This article was first published in the January/February 2019 issue of NFPA Journal.
At 5 a.m. on February 18, 1923, attendants at the Manhattan State Hospital for the Insane, located on Ward’s Island in New York City, noticed a metal ceiling tile glowing red-hot in a hallway leading to patient rooms. Fearing an impending fire, they called patients to breakfast to move them away from the hallway and into the dining room. Minutes later, their fears were realized as flames burst through the ceiling, according to an NFPA bulletin on the incident published later that year.
Although the attendants’ actions undoubtedly saved lives, not everyone escaped. Twenty-four patients and three attendants died in the blaze, according to the bulletin. Three years earlier, officials had identified the facility—one of the largest psychiatric hospitals in the world, with over 6,000 patients—as being at high risk for a catastrophic fire, but fire and life safety improvements were never made.
After the fire spread, rescue work became difficult “as the patients became excited and had to be dragged out by attendants,” the bulletin reported. Firefighting was further hampered by sub-zero weather and the extreme difficulty in getting apparatus to the island. “The New York City force had to go to the fire without equipment as there was only a small ferry, of insufficient capacity for fire apparatus, to the island,” the bulletin said. “Fireboats had to run hose lines for nearly half a mile before water reached the fire.”
The cause of the fire wasn’t reported, but the bulletin explains that the facility was similar to thousands of other institutional buildings throughout the United States and Canada, which at the time often experienced fires due to “defective chimneys, poorly installed stoves and furnaces, defective electrical equipment, careless handling of [flammable] liquids, spontaneous combustion in accumulations of rubbish, smoking, and carelessness with matches.”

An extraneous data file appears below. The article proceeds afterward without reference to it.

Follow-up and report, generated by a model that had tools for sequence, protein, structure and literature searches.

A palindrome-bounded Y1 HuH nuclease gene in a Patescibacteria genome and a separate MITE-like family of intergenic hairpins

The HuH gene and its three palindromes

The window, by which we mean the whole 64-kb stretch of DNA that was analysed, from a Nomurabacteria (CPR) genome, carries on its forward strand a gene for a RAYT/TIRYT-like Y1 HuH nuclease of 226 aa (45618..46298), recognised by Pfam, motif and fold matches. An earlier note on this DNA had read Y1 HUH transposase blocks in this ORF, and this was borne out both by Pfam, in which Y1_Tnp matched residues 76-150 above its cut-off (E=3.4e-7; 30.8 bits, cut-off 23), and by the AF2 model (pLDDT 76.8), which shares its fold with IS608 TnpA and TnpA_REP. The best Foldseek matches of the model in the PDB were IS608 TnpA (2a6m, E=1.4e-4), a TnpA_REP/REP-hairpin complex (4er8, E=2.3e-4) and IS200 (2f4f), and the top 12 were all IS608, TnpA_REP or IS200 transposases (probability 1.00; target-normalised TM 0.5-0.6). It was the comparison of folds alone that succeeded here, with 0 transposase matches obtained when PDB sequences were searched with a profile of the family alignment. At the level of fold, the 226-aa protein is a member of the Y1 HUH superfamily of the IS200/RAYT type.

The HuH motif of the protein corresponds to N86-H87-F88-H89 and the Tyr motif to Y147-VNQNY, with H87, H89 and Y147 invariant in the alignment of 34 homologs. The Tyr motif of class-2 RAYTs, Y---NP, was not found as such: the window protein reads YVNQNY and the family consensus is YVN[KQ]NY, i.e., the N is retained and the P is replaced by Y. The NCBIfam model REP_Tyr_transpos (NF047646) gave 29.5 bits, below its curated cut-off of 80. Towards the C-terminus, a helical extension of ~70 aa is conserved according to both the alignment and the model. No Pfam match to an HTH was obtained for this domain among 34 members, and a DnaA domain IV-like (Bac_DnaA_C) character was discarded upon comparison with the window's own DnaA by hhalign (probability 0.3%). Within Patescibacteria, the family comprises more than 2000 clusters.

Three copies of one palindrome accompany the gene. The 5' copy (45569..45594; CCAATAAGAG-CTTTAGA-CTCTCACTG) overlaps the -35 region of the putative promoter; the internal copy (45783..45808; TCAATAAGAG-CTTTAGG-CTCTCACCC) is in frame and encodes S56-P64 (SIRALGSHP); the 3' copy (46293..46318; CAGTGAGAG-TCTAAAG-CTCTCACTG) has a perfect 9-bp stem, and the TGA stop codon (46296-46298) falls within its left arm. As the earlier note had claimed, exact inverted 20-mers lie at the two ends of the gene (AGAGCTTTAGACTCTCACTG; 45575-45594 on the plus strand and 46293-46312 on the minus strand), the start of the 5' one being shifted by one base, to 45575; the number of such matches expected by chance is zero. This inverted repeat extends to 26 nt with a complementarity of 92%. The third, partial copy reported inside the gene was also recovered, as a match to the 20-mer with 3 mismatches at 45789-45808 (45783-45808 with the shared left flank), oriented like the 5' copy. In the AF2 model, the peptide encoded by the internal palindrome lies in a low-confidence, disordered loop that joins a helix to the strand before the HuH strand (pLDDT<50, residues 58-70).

In 1920, the National Board of Fire Underwriters surveyed the Manhattan State Hospital and recommended the installation of automatic fire sprinklers and other safeguards because its buildings lacked fire-resistant features and contained blind attics and other concealed spaces that made the structures “veritable fire traps,” the NFPA bulletin says. The board also cited an inadequate and unreliable water supply and a poorly equipped on-site firefighting service, which used “an ancient horse-drawn engine.”
The bulletin noted that the superintendent of the hospital recognized the fire hazard and had repeatedly tried to obtain more equipment and funding from state and city authorities, to no avail.
Read more from the January/February issue of NFPA Journal online.